C) "I totally agree that in our liberation we lost somthing. Many scoff at the idea of a man holding a door for you, but it went beyond that, a younger lady would hold a door for an older lady and sometimes gentleman if they were elderly, or help older people with packages etc. " I'm not sure where all you ladies are from, but thank GOODNESS I live in the South! I've heard of the phenomenon of women getting upset at a door being held open, but never witnessed it (although I have, from time to time seen AWFUL manners at letting a door shut in someone's face). Personally, I have the door held open for me 70% of the time, and 20% I hold the door for someone else. That 10% stems from the times I am completely alone, deplorable manners, or have been in New York. ;)
    Seems Chivalry and old fashioned Decency is not dead everywhere!
    Good luck to ya girl, I look forward to reading your blog for a long time to come!

  27. I just found your blog so I'm busy catching up. My question is do you use the old fashioned belted maxi pads now (they are still available from or are you not going that far?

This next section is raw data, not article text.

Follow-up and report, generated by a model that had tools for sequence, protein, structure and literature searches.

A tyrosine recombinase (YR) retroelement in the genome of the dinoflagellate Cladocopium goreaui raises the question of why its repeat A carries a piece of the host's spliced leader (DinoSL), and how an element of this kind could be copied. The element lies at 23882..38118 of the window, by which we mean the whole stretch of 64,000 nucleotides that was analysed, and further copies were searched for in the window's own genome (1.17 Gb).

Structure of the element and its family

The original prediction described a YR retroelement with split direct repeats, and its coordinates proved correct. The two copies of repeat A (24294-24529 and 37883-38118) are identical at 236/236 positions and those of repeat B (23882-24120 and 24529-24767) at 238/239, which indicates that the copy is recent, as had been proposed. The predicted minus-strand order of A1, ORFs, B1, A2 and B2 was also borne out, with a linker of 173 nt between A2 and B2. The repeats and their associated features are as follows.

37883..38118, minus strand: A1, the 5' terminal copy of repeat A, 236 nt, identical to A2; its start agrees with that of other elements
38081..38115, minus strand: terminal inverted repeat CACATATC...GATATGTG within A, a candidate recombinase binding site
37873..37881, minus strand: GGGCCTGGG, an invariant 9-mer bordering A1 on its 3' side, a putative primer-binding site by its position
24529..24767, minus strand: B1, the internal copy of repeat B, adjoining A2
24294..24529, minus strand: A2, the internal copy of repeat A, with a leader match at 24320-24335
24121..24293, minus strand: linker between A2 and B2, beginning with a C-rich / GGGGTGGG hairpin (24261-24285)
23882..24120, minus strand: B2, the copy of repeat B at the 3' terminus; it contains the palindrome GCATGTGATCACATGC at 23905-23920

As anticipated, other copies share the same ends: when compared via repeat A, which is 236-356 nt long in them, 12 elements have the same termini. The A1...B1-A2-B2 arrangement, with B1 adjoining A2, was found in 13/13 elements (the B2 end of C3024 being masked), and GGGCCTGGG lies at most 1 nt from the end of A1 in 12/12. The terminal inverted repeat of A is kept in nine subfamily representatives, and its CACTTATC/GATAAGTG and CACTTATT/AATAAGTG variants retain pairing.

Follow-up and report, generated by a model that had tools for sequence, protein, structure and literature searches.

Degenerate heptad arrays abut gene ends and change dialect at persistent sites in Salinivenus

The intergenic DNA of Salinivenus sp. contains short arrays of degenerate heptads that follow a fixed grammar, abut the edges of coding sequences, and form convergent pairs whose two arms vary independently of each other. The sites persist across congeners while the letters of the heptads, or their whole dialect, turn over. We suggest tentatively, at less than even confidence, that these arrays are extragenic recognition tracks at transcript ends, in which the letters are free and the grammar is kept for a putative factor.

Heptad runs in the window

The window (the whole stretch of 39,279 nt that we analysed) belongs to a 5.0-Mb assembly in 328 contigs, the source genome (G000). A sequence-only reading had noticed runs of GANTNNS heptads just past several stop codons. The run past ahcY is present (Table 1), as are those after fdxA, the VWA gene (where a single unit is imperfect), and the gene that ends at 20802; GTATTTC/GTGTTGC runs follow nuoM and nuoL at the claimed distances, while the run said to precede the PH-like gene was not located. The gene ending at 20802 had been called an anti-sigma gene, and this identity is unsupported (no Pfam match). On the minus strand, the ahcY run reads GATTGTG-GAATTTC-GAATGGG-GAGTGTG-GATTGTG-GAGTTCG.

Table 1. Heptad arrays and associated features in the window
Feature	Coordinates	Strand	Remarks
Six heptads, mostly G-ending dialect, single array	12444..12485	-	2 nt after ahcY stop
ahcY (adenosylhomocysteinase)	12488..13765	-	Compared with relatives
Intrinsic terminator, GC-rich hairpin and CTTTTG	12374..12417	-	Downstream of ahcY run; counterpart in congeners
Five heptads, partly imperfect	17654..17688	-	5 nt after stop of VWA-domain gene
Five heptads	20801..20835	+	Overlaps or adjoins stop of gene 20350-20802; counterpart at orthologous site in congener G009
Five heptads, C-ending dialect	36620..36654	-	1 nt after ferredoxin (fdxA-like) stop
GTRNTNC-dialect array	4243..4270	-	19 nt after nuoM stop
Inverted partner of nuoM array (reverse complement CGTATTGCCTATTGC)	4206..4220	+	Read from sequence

28. rebecca, I didn't know they were still available, I am using pads though, but I think, according to my magazines, that tampons are actually available.

  29. I remember those inhalers -- they worked, but I refused (and still do) to use them because they were strong and kind of made me gag. Also, they have recently found out that they are addictive (habit forming). So!

    As far as the sanitary products: tampons existed, but they were thought not to be proper for virgins because they might "damage" something, if you get my drift. Not surprising that the women in the ad is not a teenager. Toxic Shock Syndrome was not known until the 80's I believe.

    Those sanitary belts were awful -- pins worked better.

  30. This comment has been removed by a blog administrator.